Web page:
Student loan forgiveness takes several forms. Most of the time, it means applying for one of the federal student loan forgiveness programs intended for people who’ve held public service jobs. The federal government wants to compensate those who’ve pursued such careers and has strengthened its programs for them. Forgiveness is also the phrase used to describe President Biden’s plan to cancel $10,000 of federal student loan debt per borrower who falls under the annual income threshold of $125K and an additional $10K for those who received Pell grants.With payments on federal student loans set to resume on Jan. 1, 2023, some people may want to refinance what remains of their federal loans (after the cancellation of $10K or $20K) before rates rise even more. Compare student loan refinancing rates to find a loan that works for you.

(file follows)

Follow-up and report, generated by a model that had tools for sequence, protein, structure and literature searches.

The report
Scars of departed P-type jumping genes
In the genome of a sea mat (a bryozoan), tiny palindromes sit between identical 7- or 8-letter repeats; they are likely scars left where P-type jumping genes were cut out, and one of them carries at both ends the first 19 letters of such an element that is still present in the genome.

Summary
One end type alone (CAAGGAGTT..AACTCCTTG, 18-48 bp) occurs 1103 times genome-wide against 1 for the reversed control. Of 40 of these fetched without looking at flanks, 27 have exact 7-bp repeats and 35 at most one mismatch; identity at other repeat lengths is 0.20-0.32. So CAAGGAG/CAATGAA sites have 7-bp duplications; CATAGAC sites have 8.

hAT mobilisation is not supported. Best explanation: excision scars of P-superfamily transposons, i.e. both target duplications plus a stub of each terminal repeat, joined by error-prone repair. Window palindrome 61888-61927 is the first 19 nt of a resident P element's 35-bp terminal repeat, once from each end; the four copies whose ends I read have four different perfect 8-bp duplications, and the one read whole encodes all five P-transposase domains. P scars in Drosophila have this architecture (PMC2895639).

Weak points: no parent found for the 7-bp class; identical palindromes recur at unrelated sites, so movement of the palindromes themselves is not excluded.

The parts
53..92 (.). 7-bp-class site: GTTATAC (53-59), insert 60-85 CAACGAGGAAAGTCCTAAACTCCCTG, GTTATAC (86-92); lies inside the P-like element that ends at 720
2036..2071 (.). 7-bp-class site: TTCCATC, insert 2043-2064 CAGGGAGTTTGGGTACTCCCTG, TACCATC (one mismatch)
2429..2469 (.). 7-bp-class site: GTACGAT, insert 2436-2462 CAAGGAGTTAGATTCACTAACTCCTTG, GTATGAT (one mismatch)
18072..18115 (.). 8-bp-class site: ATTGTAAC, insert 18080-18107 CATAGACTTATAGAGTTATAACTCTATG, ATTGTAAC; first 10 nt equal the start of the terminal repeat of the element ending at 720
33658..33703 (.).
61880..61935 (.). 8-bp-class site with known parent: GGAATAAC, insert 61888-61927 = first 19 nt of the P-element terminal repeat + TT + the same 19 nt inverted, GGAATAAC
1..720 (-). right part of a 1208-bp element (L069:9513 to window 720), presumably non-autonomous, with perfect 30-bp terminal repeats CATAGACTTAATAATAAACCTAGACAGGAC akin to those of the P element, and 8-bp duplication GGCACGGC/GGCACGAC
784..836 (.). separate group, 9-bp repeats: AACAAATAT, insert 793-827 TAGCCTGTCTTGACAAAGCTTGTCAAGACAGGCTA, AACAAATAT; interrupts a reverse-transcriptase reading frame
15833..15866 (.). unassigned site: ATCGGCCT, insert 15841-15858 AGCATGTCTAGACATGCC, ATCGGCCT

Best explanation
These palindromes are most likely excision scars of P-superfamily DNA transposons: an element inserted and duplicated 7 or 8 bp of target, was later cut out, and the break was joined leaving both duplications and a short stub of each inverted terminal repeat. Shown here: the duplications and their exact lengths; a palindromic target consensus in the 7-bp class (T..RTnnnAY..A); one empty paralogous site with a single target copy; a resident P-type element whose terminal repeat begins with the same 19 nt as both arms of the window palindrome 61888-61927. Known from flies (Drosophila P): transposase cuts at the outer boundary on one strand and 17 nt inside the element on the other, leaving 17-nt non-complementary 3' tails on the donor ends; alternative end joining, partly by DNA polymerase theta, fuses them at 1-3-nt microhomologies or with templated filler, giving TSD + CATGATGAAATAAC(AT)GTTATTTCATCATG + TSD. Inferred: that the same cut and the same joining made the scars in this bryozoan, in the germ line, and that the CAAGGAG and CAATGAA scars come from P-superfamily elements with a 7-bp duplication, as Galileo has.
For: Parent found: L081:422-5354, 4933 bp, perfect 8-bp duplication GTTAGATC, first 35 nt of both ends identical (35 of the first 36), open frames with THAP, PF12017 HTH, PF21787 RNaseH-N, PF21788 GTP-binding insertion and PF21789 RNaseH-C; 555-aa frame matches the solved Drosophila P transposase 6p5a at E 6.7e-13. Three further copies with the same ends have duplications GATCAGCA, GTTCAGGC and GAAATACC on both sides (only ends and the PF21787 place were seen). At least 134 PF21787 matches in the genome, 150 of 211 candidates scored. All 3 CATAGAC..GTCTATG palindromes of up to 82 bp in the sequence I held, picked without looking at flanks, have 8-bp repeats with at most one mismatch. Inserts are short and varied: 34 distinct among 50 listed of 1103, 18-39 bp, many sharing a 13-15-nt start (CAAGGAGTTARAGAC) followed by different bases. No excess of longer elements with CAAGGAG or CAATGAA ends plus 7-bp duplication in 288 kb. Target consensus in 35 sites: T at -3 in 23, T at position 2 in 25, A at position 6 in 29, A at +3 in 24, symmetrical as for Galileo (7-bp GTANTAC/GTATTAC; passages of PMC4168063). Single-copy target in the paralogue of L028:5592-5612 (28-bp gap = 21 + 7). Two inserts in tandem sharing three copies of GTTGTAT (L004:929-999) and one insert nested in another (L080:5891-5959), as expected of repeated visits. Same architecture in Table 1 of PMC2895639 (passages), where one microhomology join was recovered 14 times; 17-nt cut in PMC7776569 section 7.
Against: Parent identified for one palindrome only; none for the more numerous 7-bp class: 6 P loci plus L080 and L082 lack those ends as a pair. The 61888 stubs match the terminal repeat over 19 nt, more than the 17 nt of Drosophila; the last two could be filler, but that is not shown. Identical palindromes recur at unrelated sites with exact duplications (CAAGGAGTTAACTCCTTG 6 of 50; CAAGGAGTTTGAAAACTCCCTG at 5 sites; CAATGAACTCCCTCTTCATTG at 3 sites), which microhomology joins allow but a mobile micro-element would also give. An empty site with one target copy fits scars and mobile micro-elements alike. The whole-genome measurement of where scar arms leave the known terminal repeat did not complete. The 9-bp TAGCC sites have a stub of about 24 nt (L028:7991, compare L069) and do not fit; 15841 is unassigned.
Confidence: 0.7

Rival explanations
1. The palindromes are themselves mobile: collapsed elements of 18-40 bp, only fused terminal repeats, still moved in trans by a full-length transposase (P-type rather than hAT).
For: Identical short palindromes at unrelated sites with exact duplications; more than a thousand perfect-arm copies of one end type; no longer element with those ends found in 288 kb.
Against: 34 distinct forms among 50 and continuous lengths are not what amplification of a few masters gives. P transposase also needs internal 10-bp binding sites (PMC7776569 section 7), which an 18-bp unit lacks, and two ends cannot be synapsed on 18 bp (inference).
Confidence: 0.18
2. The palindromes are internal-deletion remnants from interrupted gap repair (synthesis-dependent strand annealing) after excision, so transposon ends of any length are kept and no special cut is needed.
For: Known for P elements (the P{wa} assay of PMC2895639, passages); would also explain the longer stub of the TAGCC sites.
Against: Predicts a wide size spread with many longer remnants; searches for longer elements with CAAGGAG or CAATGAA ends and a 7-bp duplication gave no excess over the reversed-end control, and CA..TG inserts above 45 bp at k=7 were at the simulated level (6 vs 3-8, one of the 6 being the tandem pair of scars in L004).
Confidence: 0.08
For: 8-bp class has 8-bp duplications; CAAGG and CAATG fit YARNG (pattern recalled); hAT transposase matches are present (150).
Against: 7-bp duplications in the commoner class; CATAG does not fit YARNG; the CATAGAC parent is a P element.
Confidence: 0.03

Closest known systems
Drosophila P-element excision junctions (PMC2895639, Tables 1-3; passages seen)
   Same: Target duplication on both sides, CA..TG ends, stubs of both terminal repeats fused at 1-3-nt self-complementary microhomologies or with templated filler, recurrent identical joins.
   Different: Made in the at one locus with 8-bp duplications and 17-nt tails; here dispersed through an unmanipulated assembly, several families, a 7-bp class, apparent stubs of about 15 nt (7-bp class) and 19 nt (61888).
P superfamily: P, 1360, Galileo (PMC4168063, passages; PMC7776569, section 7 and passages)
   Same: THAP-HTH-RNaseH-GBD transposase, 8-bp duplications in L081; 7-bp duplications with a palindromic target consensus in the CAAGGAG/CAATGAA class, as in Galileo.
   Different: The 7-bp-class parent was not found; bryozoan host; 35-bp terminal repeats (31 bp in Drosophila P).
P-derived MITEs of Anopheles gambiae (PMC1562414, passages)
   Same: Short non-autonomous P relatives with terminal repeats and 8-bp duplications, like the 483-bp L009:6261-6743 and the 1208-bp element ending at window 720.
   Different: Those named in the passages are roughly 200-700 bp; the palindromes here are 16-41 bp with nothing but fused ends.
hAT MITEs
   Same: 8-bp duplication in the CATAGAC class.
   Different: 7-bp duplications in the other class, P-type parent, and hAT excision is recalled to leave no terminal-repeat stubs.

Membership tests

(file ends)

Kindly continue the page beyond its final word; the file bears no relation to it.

External Websites: The information and analysis provided through hyperlinks to third-party websites, while believed to be accurate, cannot be guaranteed by SoFi. Links are provided for informational purposes and should not be viewed as an endorsement.
Photo credit: iStock/GaudiLab

About the Author

Nancy Bilyeau

Nancy Bilyeau

Nancy Bilyeau writes about student loans, mortgages, car insurance, medical debt and many other finance topics for Lantern. A veteran of the magazine business, she has edited stories on personal finance for Good Housekeeping and DuJour magazines and has written articles for The Wall Street Journal, Readers' Digest, Parade, Town & Country and Lifetime/A&E, among others. She is a graduate of the University of Michigan.